NTFS used in previous releases [I mention this because NTFS after XP is
slightly different to XP, and what it is now I simply do not know])
because you are not restricted to limited file sizes.

BC

--
ATTORNEY: Now doctor, isn't it true that when a person dies in his sleep, he
doesn't know about it until the next morning?
WITNESS: Did you actually pass the bar exam?


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Old 11-26-2010, 06:29 AM
"O. Sinclair"
 
Default test flash drive

On 26/11/2010 08:50, Basil Chupin wrote:
> On 26/11/2010 16:55, Doug wrote:
>> I've ordered some flash drives at an attractive price, with a
>> well-known brand name, but they are coming from Hong-Kong,
>> so I don't know what I'll really get. Can they be tested some
>> way, and if so, how? (Hopefully they will be here in a few days.)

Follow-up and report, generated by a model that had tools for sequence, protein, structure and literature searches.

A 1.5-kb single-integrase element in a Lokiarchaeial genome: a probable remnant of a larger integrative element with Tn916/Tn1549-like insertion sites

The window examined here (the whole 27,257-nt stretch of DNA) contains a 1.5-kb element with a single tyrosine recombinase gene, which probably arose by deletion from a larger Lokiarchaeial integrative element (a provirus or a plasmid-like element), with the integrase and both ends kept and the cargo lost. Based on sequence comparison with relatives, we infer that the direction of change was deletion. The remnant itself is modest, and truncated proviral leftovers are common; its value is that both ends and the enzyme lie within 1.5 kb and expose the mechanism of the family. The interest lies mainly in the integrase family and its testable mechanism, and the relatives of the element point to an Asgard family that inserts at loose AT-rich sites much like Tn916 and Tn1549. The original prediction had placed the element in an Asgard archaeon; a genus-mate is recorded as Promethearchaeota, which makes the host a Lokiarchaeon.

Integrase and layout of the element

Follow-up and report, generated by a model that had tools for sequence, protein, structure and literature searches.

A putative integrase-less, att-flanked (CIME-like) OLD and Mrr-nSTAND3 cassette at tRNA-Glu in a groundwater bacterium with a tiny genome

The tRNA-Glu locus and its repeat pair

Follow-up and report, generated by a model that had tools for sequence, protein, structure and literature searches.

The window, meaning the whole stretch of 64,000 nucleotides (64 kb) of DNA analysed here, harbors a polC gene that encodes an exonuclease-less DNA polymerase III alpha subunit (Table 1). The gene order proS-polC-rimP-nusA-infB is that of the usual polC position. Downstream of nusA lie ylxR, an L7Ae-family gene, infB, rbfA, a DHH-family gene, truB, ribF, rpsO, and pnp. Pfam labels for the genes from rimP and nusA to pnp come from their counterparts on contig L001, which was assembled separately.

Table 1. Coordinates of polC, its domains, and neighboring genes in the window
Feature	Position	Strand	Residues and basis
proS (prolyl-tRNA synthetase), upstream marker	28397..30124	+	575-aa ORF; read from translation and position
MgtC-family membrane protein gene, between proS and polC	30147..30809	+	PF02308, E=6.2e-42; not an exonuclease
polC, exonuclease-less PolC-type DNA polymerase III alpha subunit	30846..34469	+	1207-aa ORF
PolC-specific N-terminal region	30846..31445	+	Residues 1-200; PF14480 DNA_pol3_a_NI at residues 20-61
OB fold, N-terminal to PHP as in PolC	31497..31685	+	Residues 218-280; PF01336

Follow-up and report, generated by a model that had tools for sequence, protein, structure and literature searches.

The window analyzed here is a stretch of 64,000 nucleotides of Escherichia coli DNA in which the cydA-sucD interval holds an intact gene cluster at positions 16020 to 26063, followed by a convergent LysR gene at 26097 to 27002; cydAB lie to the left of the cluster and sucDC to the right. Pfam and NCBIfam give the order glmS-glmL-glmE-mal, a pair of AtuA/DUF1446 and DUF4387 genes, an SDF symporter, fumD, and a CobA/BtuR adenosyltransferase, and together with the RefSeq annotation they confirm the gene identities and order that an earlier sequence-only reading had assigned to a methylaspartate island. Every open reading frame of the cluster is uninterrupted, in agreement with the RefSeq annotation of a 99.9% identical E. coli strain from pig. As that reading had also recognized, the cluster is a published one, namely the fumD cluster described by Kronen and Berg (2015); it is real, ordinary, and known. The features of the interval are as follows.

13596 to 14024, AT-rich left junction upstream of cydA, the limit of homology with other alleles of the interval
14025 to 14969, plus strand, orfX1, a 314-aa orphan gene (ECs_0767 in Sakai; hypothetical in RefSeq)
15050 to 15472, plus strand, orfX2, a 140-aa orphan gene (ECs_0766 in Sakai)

>> I don't know if flash drives come formatted or not;
>> presumably I could format one with gparted to any common
>> format. If so, what format? I would think NTFS would be the
>> most universally useful, assuming they work OK. Or FAT32?
>> (I don't remember if gparted can format to M/S formats.)
>> I use both Linux and Win7.
>>
>> Thanx for your input--doug
>>
>
> Flash drives - from wherever - come formatted with FAT(32). And I have
> yet to come across a flash drive which did not come from Asia.
>
> You can format the flash drive with whatever file system you want. I
> have formatted them with ext4, ext3, ext2, NTFS. gparted is one of the
> utils which will do the formatting for you (either on a standalone CD or
> as available on the installation CD for K/Ubuntu).
>
> Since Linux can handle both FAT and NTFS then if you are looking for
> "universal" access then use either one - NTFS would be preferred I would
> think (provided the latest Windows' formatting is compatible with the
> NTFS used in previous releases [I mention this because NTFS after XP is
> slightly different to XP, and what it is now I simply do not know])
> because you are not restricted to limited file sizes.
>
there is supposedly a reason for the general use of FAT32 instead of
NTFS on flash drives so I would check that up before going ntfs